Missile embolus

Revision as of 23:17, 10 September 2016 by ClaireLewis (talk | contribs)
(diff) ← Older revision | Latest revision (diff) | Newer revision → (diff)


  • Missle Embolization is an umbrella term encompassing the intravasculature and intracardiac embolization of bullet fragments, pellets, and shrapnel most commonly from war related penetrating traumas (mortars, grenades, mines, etc.)[1].
  • A rare phenomenon with the majority of cases occurring in war/combat penetrating trauma, although civilian cases have been reported [2].
  • Definitive recommendations regarding management and treatment are varied.

Clinical Features

Ct chest showing intracardiac missle emboli [1]
Intraoperative arteriogram identified a lumen occluding fragment in the axillary artery(arrow)[2]
(B)Post operative CXR and plain films of the right knee demonstrate embolization of knee fragment to right lower lobe (black circle) when compared to preoperative films (A) [2]
  • Commonly present with asymmetric peripheral pulses, evidence of metallic fragments remote from the site of penetrating injury (outside of the expected fragment trajectory), and lack of an exit wound [2].
  • However, patient presentation can vary. Hemodynamically stable vital signs, lack of penetrating trauma on a pulseless extremity, and the presence of an exit wound should not be used to exclude the diagnosis.
  • As delayed and occult arterial injury have been reported in the literature, serial imaging may be necessary if suspicion remains high in the absence of initial findings.

Arterial Missile Emboli Complications [3]

  • Distal ischemia
  • Thrombosis
  • Further embolization

Venous Missile Emboli Complications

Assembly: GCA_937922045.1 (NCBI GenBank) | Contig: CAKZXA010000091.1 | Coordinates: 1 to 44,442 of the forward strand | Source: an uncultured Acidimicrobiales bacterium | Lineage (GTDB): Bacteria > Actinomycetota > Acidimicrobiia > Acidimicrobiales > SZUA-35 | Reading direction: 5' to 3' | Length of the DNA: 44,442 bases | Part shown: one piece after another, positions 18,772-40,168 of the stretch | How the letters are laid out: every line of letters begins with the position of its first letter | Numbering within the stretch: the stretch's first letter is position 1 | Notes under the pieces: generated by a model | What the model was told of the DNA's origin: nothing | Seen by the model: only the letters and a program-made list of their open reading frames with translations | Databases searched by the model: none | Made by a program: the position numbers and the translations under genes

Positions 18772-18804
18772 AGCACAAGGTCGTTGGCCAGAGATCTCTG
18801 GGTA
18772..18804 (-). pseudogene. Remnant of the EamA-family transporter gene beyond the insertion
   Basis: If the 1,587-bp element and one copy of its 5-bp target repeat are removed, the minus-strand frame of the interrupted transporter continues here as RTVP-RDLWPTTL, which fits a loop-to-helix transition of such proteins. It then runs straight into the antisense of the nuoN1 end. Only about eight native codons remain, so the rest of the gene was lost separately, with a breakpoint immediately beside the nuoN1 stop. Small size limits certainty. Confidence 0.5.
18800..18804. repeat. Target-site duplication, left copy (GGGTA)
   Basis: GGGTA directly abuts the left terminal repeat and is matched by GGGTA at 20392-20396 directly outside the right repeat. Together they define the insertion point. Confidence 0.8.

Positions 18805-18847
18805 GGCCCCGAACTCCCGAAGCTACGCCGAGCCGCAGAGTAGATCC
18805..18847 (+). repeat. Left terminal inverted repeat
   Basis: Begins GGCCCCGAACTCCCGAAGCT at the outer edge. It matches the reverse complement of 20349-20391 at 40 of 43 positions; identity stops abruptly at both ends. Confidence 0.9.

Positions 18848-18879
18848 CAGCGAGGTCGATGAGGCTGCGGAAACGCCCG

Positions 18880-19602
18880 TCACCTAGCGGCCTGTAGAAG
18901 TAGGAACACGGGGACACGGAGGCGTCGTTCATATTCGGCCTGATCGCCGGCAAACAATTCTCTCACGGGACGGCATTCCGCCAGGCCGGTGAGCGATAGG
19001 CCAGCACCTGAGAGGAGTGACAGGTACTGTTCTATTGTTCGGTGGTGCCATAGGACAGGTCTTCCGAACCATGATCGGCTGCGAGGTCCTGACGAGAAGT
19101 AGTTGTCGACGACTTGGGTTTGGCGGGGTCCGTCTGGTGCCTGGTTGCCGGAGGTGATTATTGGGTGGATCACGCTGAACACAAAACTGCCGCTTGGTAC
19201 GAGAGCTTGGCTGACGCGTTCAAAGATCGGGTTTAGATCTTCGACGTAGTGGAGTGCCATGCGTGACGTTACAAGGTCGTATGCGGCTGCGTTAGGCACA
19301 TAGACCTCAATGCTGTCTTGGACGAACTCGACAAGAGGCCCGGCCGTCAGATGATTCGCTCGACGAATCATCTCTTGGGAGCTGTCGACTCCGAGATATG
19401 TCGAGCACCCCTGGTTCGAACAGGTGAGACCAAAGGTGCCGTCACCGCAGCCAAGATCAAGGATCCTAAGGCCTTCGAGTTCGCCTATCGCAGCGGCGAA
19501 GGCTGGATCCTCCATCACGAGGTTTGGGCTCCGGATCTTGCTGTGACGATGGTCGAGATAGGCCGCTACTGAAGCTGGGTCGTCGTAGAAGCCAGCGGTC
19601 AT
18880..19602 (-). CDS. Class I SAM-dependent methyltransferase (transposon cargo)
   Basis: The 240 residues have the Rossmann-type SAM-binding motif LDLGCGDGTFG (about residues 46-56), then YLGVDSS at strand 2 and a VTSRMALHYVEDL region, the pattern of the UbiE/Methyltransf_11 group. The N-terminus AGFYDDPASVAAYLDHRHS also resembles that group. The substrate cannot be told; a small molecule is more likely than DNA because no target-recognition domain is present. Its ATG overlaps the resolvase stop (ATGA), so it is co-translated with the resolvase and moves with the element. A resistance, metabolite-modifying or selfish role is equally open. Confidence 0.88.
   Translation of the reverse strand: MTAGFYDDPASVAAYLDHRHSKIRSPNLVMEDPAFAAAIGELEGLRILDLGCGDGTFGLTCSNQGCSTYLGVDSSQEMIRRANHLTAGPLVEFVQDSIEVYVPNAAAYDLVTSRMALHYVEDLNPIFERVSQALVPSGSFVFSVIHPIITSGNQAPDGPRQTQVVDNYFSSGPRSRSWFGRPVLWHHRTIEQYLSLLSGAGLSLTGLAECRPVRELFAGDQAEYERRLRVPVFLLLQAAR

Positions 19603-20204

Psychiatric Complications

  • Anxiety
  • Cardiac neurosis
  • Fear of movement resulting in a dislodgment of the missile from its current location


Need high incidence of suspicion with penetrating trauma (up to 5% of arterial injuries may be missed on the initial CT angiogram in patients with fragmentation wounds) [1].

  • CXR
  • X-ray (location specific) and/or CT
    • Look for evidence of metallic foreign bodies both near and far from the site of penetrating injury
    • CT angiogram of the involved extremity, if evidence of extremity foreign body (e.g. diminished or absent pulses)
  • If there is evidence of intracardiac or intrapulmonary foreign bodies, consider:[1]
    • CT chest/abdomen/pelvis with IV contrast (to determin missile trajectory, size, and exact location).
    • 2D transesophageal echocardiogram is also recommended for intrathoracic missiles.


Algorithm for Management of Missile Emboli based on Anatomic Location[1]
  • Remove symptomatic missile emboli
  • Low threshold to remove asymptomatic missle emboli (since they can become dislodged and lead to other complications)
  • Surgical management is case specific, but minimally invasive embolectomies are preferred if there is a high probability of missile retrieval [3].
  • There is not strong evidence supporting prophylactic antibiotic use.
    • However, patients with intracardiac emboli may benefit from 48 hours of a first generation cephalosporin to prevent endocarditis with the addition of an aminoglycoside for soft tissue cavitating injuries.
  • Patients with retained missiles who are not surgical candidates maybe benefit from 12 months of anticoagulation [3].

Pitfalls in Management and Treatment[3].

  • Delayed recognition
  • Dislodgement of the missile during central venous catheter placements and/or inferior vena cava filters
  • Repeated emobolization with patient reposition and surgical manipulation


  • Admission

See Also


  1. 1.0 1.1 1.2 1.3 1.4 Lu, K., Gandhi, S., Qureshi, M., Wright, A., Kantathut, N., & Noeller, T. (2015). Approach to Management of Intravascular Missile Emboli: Review of the Literature and Case Report. Western Journal of Emergency Medicine, 16(4), 489–496. http://doi.org/10.5811/westjem.2015.5.25553
  2. 2.0 2.1 2.2 2.3 Aidinian, G., Fox, C. J., Rasmussen, T. E., & Gillespie, D. L. (2010). Varied presentations of missile emboli in military combat. Journal of Vascular Surgery, 51(1), 214–217. http://doi.org/10.1016/j.jvs.2009.06.054
  3. 3.0 3.1 3.2 3.3 Singer, R. L., Dangleben, D. A., Salim, A., Kurek, S. J., Shah, K. T., Goodreau, J. J., … Szydlowski, G. W. (2003). Missile Embolism to the Pulmonary Artery: Case Report and Pitfalls of Management. Annals of Thoracic Surgery, 76(5), 1722–1725. http://doi.org/10.1016/S0003-4975(03)00692-1